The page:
He mandated vaccines for state workers under his direct control. More persuasion for others. But the numbers of folks sick with COVID-19, a huge majority of which have yet to be vaccinated, didn’t stop ballooning. So on Wednesday the governor expanded his statewide vaccination mandate to all levels of education employees, with few exceptions.

And lifted Chun’s burden.

Unless Rolovich has a “legitimate medical reason” or a “sincerely held religious belief” – if either is true and nothing has been said thus far, it would be the worst public relations failure in the school’s history – for not being vaccinated, he will have to make a decision. Either take the shots or be subject to dismissal.

It will be the state making the final decision on his employment concerning this mandate, not the WSU president or its athletic director. And it would be hard to fathom how the governor’s office could justify allowing its highest-paid employee to defy the order and still keep his job. Not if Inslee wants to keep his credibility.

There is no doubt it’s troubling that the battle against COVID-19 has come to this. It shouldn’t be this way. We should be looking back at the virus. We shouldn’t have to wonder what the future holds. And yet here we are.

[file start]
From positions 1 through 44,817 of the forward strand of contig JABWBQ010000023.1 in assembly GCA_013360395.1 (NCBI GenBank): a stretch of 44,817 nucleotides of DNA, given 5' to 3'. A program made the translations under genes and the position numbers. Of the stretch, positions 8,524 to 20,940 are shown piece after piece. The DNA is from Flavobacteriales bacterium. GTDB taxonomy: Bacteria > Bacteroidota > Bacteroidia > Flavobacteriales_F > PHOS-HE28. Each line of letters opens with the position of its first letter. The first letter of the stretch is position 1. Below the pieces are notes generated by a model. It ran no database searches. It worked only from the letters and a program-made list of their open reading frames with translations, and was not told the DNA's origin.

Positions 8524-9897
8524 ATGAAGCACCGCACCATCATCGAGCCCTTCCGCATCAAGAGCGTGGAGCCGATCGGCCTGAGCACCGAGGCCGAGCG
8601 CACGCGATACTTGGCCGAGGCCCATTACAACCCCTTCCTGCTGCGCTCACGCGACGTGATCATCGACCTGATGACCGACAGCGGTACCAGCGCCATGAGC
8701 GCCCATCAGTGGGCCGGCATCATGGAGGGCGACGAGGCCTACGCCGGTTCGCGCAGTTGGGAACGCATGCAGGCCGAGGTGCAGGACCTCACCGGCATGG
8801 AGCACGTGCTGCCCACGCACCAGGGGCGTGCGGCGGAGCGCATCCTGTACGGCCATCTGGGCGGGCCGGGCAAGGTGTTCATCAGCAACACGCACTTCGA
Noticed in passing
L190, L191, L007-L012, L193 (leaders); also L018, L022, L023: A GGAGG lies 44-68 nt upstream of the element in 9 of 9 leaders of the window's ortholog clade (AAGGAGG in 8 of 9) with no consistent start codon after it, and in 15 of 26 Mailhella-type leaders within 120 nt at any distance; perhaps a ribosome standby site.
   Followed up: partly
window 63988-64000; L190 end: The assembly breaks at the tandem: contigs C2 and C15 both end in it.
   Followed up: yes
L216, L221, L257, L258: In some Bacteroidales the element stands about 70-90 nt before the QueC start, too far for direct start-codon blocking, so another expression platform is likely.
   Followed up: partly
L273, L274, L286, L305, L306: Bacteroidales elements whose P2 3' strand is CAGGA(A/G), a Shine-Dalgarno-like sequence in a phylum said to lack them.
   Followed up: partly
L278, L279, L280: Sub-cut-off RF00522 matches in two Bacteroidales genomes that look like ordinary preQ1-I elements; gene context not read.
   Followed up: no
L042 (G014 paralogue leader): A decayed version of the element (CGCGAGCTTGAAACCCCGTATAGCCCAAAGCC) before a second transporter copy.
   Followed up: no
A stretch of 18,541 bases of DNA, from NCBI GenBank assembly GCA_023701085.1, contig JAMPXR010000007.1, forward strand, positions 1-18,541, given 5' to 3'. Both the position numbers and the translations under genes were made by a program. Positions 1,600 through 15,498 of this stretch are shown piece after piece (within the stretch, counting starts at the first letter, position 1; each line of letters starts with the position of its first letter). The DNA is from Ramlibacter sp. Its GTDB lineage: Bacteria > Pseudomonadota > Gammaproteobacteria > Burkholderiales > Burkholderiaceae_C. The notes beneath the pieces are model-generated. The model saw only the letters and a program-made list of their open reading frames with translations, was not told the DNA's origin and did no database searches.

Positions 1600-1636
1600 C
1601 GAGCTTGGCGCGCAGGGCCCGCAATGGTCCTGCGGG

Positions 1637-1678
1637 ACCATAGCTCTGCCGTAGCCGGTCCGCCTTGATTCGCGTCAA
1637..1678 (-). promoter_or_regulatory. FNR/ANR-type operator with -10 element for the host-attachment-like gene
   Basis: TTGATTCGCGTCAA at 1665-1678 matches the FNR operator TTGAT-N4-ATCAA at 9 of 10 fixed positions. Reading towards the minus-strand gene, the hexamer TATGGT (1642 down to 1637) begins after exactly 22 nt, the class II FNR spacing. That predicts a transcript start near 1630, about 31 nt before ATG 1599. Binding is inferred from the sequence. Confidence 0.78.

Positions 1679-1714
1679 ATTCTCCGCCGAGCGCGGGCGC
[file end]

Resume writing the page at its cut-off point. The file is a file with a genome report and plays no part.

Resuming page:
After the governor’s pronouncement Wednesday, Nick Rolovich faces a choice. He’s not alone in that. Many people in education, health care and other areas of employment face the same one. It’s just none, individually, are as visible as Washington State’s football coach.

And none have more to lose.


WSU: Of course Colton Clark has coverage of the governor’s mandate in today’s S-R. But that’s not all. He also has this notebook from the 11th day of practice. And, no, a decision hasn’t been made about who starts at quarterback. … We mentioned this above. Jon Wilner has a look at vaccination rates around the conference. He also has a stock report. … Jim Moore, writing in the News Tribune, addresses the Rolovich vaccination situation. … So do others. … Elsewhere in the Pac-12 and college sports, John Canzano has some thoughts about vaccinations as it relates to fans. He thinks it is time for colleges to ban the unvaccinated from games. … What’s been going on at Washington? A lot actually. Especially with the inside linebackers. … A lot was certainly going on in 1991. … Oregon will rely on young wide receivers to start the season. … Oregon State has done a great job of keeping its offensive line healthy and productive. … Colorado may have a new starter at right tackle. … Utah is known as a defense-first school. And a lot of that has roots in history. As well as a history of great safeties. … UCLA starts a week earlier than most of the Pac-12. Masks will be needed to watch in person. … USC has another talented young tight end. … Don’t ask about Arizona State’s problems with the NCAA. … You also won’t get an answer if you ask who Arizona is going to start at quarterback. And you don’t have to wear masks at games.